January 13, 2008
Political reform, let's get the job done
Much has been said and written over these past two weeks about political reform in Hong Kong.
The Standing Committee of the National People's Congress has explained the rationale for its decision - why universal suffrage for the Chief Executive may be implemented in 2017, and why universal suffrage may follow in 2020 for the Legislative Council. I believe most people accept the decision, as well as the need to take the gradual and orderly approach as spelt out in the Basic Law.
Some are naturally disappointed that we cannot achieve universal suffrage for both the Chief Executive and LegCo in 2012. I understand their disappointment, and I respect them for their commitment to reach this goal as early as possible. But, now that a timetable has been set, I hope everyone will be able to focus on what is possible, rather than what is not.
For the first time, Hong Kong has a clear timetable for achieving universal suffrage in both the Chief Executive and Legislative Council elections. This is a historic opportunity. We should embrace it. At the same time, we should also understand that this opportunity carries enormous responsibility.
The Central Government has placed its trust in us to make progress for the Chief Executive and LegCo elections in 2012. We need to achieve this milestone. It's crunch time for everyone involved in our political development. It's never been a question of whether, it's no longer a question of when - it's now a question of 'how'. And if we can't make progress in 2012 it will not only be a great disservice to the people of Hong Kong, it will also be a great disservice to our country. We’ve got our wish for a timetable - now it's up to us to fill in the blanks.
Over the next few months, we'll start the hard work of devising ways in which to boost democratic participation for the 2012 elections for the Chief Executive and Legislative Council. This is the foundation on which universal suffrage will be built.
Obviously, political parties will be involved. And obviously there will have to be some give and take as we hammer out the details. But if we all approach this matter candidly, calmly, rationally and pragmatically, I am sure we can forge a consensus that is broadly acceptable to most in Hong Kong. Indeed, this is our obligation to the community.
Political parties will also have to think more about the long term. They will need to start putting in place their own frameworks that support a LegCo returned by universal suffrage. That means nurturing more talent, and giving younger people more opportunities to participate in the political arena. It means bringing in new ideas and fresh thinking. And it will mean greater efforts to provide constructive policy alternatives. Think tanks and other research organisations will be able to help in this regard.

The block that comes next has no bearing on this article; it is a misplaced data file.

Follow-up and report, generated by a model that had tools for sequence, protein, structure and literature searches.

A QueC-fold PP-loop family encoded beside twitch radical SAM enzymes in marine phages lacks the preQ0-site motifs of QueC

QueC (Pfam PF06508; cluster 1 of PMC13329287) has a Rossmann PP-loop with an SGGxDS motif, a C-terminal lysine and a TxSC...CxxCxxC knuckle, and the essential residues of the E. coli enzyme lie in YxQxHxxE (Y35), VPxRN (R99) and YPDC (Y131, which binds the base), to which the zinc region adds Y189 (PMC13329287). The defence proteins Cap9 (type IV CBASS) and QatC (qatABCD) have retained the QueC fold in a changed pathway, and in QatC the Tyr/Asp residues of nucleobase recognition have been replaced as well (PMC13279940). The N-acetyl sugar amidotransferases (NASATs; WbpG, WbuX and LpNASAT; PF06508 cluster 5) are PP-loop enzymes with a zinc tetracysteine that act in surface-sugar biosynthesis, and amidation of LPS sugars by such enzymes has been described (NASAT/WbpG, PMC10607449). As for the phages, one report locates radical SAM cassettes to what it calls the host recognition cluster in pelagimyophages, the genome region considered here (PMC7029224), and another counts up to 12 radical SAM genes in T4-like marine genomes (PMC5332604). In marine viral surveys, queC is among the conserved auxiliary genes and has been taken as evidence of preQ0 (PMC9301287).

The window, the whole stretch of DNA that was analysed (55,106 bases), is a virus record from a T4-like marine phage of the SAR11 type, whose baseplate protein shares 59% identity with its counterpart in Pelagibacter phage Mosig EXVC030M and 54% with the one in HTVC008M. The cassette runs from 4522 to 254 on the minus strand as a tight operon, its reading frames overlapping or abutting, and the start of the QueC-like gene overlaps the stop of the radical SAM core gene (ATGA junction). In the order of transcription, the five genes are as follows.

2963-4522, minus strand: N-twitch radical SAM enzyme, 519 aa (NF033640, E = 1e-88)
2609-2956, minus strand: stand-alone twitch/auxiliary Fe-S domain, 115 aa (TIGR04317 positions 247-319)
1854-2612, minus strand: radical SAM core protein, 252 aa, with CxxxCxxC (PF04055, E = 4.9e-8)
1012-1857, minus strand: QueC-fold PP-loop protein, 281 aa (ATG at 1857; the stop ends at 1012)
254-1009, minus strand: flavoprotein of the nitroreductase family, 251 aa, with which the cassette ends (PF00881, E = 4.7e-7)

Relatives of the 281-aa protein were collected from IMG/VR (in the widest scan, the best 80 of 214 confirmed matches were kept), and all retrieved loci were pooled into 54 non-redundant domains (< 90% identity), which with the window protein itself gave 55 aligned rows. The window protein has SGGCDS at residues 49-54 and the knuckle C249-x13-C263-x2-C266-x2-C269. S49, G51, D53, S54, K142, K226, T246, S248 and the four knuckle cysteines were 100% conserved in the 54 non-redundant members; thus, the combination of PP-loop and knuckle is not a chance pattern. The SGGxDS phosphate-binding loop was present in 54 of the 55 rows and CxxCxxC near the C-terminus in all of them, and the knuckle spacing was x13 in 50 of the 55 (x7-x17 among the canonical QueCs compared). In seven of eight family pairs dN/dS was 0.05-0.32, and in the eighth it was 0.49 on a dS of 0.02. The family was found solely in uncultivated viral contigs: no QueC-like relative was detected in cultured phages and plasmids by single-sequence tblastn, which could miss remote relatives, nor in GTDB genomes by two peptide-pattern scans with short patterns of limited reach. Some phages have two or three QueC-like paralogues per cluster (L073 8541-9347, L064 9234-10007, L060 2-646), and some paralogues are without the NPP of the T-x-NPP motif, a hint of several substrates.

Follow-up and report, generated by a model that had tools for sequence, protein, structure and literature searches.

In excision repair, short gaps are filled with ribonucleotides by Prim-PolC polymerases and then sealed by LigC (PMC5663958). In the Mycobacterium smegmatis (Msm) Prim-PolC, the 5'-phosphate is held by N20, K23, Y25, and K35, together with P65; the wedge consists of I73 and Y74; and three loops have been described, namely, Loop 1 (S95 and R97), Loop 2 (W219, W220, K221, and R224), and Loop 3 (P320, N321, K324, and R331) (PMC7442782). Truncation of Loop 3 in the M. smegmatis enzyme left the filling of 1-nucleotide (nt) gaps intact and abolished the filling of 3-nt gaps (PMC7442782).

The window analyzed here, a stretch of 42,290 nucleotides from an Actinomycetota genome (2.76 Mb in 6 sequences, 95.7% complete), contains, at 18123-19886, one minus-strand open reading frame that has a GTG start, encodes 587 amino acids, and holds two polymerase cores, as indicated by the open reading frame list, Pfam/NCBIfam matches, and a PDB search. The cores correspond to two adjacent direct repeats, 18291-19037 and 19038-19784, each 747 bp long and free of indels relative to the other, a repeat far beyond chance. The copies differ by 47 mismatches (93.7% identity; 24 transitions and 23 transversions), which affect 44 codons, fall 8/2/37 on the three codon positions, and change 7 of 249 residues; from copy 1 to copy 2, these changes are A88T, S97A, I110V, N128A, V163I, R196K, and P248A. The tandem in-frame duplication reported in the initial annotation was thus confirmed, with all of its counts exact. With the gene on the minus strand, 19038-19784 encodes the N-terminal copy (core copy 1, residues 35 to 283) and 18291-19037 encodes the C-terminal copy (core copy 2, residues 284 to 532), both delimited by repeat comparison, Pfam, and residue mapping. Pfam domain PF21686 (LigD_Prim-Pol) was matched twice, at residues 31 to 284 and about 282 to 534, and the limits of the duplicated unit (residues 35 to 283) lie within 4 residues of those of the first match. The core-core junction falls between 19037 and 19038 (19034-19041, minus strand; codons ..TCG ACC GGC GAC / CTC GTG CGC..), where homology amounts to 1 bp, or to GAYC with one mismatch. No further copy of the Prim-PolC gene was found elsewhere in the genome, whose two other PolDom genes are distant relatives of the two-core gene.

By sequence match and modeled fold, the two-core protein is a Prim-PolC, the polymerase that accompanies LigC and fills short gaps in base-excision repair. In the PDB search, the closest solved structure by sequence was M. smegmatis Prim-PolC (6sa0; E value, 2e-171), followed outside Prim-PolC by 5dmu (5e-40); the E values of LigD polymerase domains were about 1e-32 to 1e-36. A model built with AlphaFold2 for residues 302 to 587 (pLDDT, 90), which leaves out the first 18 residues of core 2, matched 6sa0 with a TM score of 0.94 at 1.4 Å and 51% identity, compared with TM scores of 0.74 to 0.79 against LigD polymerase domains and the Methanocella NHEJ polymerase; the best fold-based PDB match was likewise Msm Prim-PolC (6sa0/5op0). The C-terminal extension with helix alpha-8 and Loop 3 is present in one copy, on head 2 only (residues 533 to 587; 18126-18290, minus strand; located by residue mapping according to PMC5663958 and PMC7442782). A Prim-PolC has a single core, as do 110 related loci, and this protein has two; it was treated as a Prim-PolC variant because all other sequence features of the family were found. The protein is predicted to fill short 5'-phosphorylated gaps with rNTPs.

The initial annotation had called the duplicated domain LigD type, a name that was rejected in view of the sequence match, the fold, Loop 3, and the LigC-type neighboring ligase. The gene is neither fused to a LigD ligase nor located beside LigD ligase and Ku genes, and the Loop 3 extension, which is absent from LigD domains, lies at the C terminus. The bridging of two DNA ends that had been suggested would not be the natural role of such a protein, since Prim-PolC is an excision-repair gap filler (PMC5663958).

The business sector will also need to become more engaged. Any doubts about the possible timing of universal suffrage have now been dispelled. The business community will need to make a more systematic approach to politics, whether that be through the party system, existing professional or trade groups, or by even sponsoring think tanks. The business sector contributes much to Hong Kong's stability and prosperity, and has much to offer in the way of advice and experience. But as our political system advances and matures, the business sector will have to follow suit because public expectations will undoubtedly increase as the years go by, and as we get closer to our goals of universal suffrage for the Chief Executive and the legislature.
As you know, I've often said that political progress in Hong Kong is about building trust - trust between the executive branch and LegCo; trust between the Government and the people of Hong Kong; trust between the HKSAR and the Central Authorities. Building trust takes much time and effort, and can be easily shattered. The most vital ingredient is sincerity. Sincerity to listen to different views; to be open to new possibilities; to find common ground; to do what's best for most in the long run. It is my sincere wish that we make progress in 2012. I know that it is also the sincere wish of the Central Government. I am certain that Hong Kong people want to see progress as well.
You might remember that in 2005 we did try to enhance the democratic elements of the election of the Chief Executive in 2007 and for LegCo in 2008. Even though we had majority support in LegCo, we couldn't secure the two-thirds majority required by the Basic Law. This was an opportunity lost for Hong Kong - it was a chance to take a step forward on the road to universal suffrage. Unfortunately, all we managed to do was stand on the spot. We made no progress at all. This is not what Hong Kong people wanted - they wanted progress.
Now, we have another chance for progress; another chance to build trust amongst all sectors; and, another chance to take us one step closer to our goal. I hope that we will all be able to work together to devise new arrangements for 2012 - arrangements that will also serve as an important and vital step on our road to universal suffrage.
| Donald TSANG Yam-kuen,